Lancashire police officers were told not to use the NHS Covid-19 app because it could blow undercover ops - despite top brass denying any 'suggestion of security implications'

Police officers in Lancashire were told not to download the NHS Covid-19 app because it could blow their cover during "sensitive" operations, despite top brass denying "any suggestion of security implications", it can be revealed.

Monday, 26th October 2020, 3:45 pm

The day after the app was launched, cops were told in a briefing document, which has since been obtained by this newspaper, that the software could scupper undercover activity by "potentially disclosing officer locations" and "must not be downloaded onto police-issue devices until further information is made available".

It said the National Police Chiefs' Council (NPCC) would be "looking at the specifications and security of the app in due course and we will let you know if our position on the matter changes".

The NPCC previously said forces use a "variety of mobile devices with different system restrictions" so it is "important we have confidence that the NHS app will work for officers and staff consistently across the country".

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The new NHS Covid-19 mobile application (Picture: PA Wire/PA Images/Danny Lawson)

It claimed: "It is for this reason we have recommended officers and staff download the app to their personal, as opposed to work, devices, rather than any suggestion of security implications".

Lancashire Police also said in a past statement: "Members of staff, like all members of the public, are personally able to download the Track [sic] and Trace application should they choose to do so".

But it failed to say it had told officers: "We are also asking those of you who have downloaded it onto your personal device not to carry that device with you, particularly during operational duties".

The force today said its guidance has now been updated, and added: "The guidance is currently that officers and staff are recommended to download and use it on their own personal devices which can be carried in all routine (non-sensitive) business environments.”

Software installed on devices used by police is routinely security tested, it was understood, and there was no suggestion any flaws with the Covid app were identified.

The Department of Health and Social Care (DHSC) said the app was "designed to use the minimum possible data or information" and insisted: "The app cannot track your location.

"It cannot be used for monitoring, whether you're self-isolating or for law enforcement.

"The app cannot be used to access your personal identity or any other information on your phone.

"For example, the app cannot access your contacts, messages, or photos."

The app, which was launched on September 24, uses Bluetooth technology to keep a tab of close encounters with other people and send alerts if one later tests positive for Covid-19.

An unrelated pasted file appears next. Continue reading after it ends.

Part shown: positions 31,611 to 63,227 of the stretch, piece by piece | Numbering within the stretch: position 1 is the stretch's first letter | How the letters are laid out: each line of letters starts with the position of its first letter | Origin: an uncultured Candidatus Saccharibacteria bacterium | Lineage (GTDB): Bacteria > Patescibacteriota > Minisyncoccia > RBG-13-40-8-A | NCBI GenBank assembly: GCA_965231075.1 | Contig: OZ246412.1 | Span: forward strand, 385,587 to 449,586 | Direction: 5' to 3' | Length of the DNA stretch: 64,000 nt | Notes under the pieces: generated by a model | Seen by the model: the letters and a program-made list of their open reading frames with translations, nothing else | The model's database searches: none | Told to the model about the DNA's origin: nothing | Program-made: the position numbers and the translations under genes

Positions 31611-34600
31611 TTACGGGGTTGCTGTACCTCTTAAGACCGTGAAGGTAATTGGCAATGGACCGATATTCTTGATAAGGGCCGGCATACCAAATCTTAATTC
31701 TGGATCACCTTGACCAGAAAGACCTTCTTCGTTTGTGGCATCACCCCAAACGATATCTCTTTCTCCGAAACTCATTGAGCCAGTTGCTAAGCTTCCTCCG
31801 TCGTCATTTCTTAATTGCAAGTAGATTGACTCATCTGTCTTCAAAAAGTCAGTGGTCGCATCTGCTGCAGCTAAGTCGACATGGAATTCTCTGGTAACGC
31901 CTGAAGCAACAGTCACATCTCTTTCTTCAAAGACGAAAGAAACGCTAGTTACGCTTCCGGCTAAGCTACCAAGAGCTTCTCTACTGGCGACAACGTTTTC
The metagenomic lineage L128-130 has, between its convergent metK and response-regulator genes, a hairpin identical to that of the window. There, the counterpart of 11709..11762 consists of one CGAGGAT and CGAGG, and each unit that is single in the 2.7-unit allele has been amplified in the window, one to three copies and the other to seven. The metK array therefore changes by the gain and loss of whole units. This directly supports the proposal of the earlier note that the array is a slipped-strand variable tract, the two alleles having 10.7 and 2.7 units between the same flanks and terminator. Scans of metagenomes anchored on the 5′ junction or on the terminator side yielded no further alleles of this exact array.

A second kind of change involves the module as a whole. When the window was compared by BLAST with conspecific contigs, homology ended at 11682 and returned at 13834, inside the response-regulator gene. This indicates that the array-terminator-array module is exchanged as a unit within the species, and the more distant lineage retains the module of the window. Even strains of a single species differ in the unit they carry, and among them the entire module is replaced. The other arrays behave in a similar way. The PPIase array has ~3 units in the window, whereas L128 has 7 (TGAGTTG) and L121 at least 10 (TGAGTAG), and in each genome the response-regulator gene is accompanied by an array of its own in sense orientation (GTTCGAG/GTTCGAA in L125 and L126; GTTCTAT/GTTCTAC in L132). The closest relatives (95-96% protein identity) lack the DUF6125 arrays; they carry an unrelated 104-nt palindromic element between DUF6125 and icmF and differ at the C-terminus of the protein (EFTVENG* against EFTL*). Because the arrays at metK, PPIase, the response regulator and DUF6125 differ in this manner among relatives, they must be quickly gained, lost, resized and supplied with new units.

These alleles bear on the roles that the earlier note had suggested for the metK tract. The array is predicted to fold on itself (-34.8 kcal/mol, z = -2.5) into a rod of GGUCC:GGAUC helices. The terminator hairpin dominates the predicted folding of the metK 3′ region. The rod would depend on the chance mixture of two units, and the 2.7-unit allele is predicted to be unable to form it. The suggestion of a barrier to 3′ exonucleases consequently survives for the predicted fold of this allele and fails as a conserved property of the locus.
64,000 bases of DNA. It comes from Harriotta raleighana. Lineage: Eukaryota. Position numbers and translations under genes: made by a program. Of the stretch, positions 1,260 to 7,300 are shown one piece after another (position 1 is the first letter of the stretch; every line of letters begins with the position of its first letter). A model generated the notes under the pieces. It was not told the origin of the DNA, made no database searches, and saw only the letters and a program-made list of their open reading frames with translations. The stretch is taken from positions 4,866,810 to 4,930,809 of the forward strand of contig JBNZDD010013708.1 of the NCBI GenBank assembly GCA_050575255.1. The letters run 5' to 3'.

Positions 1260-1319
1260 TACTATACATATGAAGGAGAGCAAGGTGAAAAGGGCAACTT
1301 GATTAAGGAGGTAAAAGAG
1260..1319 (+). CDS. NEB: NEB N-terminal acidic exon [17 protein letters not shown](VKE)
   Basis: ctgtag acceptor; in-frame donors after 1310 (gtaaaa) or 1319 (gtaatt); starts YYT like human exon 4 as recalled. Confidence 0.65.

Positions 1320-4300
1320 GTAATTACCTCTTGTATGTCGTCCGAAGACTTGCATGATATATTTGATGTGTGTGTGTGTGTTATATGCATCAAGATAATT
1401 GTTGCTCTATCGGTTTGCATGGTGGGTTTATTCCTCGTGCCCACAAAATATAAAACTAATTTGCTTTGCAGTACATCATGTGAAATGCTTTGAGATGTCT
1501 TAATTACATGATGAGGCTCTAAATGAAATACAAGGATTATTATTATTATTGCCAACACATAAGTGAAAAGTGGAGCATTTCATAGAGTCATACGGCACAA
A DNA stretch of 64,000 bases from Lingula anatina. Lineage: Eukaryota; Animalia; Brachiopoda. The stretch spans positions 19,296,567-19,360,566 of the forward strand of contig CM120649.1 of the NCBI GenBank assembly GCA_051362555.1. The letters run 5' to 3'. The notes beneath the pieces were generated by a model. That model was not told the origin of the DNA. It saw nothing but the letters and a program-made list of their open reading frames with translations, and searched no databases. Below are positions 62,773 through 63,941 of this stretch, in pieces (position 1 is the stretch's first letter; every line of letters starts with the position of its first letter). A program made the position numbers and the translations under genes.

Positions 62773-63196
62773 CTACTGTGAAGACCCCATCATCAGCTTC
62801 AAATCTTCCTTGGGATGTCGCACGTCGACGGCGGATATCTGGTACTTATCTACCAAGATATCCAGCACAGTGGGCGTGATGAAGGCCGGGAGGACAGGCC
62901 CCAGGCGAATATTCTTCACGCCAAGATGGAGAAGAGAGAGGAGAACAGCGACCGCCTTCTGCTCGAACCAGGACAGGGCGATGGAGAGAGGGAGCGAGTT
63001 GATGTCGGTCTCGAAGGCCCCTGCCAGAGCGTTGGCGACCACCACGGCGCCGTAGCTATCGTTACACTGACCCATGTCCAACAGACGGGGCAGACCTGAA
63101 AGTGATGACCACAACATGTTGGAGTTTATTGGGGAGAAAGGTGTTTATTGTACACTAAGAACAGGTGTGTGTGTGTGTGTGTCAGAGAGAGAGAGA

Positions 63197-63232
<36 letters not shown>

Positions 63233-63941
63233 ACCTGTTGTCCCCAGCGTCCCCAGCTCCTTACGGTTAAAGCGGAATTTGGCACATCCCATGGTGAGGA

After being delayed due to technical hitches and concerns about privacy, it has been downloaded more than 16 million times.

A first version was led by the NHS's innovation division but the keys were handed over to NHS Test and Trace on the second version, which adopted an Apple and Google-led system.

Earlier this month, the app was updated after users reported confusion from a notification suggesting they may have been exposed to the virus.

A so-called "phantom alert" caused panic among some who had received it, with reports that the notification would disappear when tapped and show no further information within the app.

The message read: “Possible Covid-19 exposure. Someone you were near reported having Covid-19. Exposure date, duration and signal strength have been saved.”

However, the DHSC said these particular alerts are default privacy notifications from Apple and Google – who created the underlying technology – to alert people that the app is sharing information with the system.

To ease concerns, an update to the app provided a follow-up message, saying: “Covid-19 Exposure Check Complete.

“Don’t worry, we have assessed your risk and there is no need to take action at this time.

“Please continue to stay alert and follow the latest advice on social distancing.”

The DHSC said important messages from the app will always be visible to the user when they open the app, even if they miss the notification.

"Users only need to self-isolate if they get a notification directly from the app advising them to do so,” a spokesman said.

It comes after a recent climb-down on the app’s check-in scanning, which people can use when visiting venues such as restaurants and pubs.

Despite initially being heralded as an important aid to contact tracing efforts, the Government later said it does not expect to send out alerts frequently from the QR code feature.

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